7. New Hatcher

    New Hatcher Out Of The Brooder

    72
    0
    39
    Jul 21, 2010
    Central Alberta Canada
    I did candle before lockdown. I ended up tossing 8 of my Wheaten Marans eggs:( all 12 of my EE's made it but 3 I really didn't know so I left them in. I also had 10 BR X and 4 Ameraucana x I will candle and do egg topsies ( Spelling??) as well. I really don't see anything happening now though:(
     
  8. Stellar

    Stellar The Quail Lady

    4,203
    39
    251
    Feb 6, 2010
    Tampa Bay
    Were these eggs shipped? Shipping can jiggle the chalazae a bit causing separation of yolk so if the egg was fertile it would have a tough time developing as it was moving too much during shipment. Also if it was really hot, the eggs could have started developing while being shipped.

    I don't know if these were shipped eggs. Just trying to help [​IMG]
     
  9. ChooksChick

    ChooksChick BeakHouse's Mad Chicken Scientist

    7,738
    107
    321
    Aug 17, 2008
    Larry, KS
    My Coop
    Hiya!

    I thought maybe my little incubation cheater might answer something for you- it may not, but it's worth a shot:


    ChooksChickÂ’s HenthusiastsÂ’ Styrofoam Incubator Cheat Sheet

    The rule is: get the temp right with an empty incubator, and make sure it's stable for 48 hours- without the plugs, without you touching it.

    Use 3 (yes, 3!) of the sealed-in-glass aquarium thermometers from Wally World ($1.70 each, I always have at least a dozen on hand for my 6 incubators). They have a little green suction cup- I leave it on and move it to the weighted end for one, the top end on another and the middle for the third. This makes them a slight bit different in elevation in the incubator as the turner moves, so you can average them for the true temp. Place them where it will be easy to read from the windows, and turn them in the suction cup so they're angled correctly to read the red line. They need to be on the turner, wedged between eggs so you can read what the center of the egg is, internally. This is the only reliable way, as the thermometers that come with the incubators on cardboard change as humidity changes, and they tell you the eggs' top temperature or the temp on the floor! Took forever to figure out my incubator wasn't really spiking as badly as the thermometer said, but that the temp spikes were due to the cardboard shrinking and swelling from humidity!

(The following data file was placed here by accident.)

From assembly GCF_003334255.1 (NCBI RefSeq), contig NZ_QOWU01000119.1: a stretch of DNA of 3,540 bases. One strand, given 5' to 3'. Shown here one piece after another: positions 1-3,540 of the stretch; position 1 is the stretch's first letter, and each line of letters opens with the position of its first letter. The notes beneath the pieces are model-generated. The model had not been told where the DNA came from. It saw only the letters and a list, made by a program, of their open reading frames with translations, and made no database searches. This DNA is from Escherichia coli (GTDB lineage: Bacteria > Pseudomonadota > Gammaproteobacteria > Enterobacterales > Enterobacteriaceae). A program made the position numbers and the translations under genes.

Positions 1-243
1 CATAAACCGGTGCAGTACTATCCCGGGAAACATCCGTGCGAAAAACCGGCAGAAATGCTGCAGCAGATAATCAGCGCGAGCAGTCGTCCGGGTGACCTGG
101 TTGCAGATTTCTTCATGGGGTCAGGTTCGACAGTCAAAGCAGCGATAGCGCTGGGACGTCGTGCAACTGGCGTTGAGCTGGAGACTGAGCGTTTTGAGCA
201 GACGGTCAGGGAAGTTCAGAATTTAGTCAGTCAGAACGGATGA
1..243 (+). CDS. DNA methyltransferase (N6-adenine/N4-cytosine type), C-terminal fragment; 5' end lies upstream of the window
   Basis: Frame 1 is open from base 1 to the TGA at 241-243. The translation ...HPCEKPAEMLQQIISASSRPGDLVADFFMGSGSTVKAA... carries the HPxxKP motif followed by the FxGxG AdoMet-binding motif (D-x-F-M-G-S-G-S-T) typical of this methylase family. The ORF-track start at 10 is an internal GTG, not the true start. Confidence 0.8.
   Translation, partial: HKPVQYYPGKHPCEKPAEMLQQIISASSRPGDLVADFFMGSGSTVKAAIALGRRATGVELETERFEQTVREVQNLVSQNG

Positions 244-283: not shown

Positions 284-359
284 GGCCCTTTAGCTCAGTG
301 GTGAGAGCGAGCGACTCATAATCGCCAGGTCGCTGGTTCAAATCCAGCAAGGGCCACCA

When you put eggs in, it will take hours to get stable again- ignore it!!! The temp will drop when you first add eggs. Don't adjust it at all. After a day with eggs, you can put a plug in to go up a degree or two. You can add another plug if you need to. If you're over 101.5* 24 hours after you add eggs, you can turn the thing down A HAIR. That's all. Don't adjust again for a day- be patient. **Don't dismiss this recommendation. ** You can go up a degree or two per plug you add at this point, too. Try not to use the knob to adjust.

    If the temp isn't too hot- like 102* consistently, I don't turn it down. If it's not below 98* consistently, I don't turn it up. I add a plug and wait 24 hours. I haven't adjusted my thermostats in 6+ months. You can get it stable. My incubators are always full. **So are my brooders.**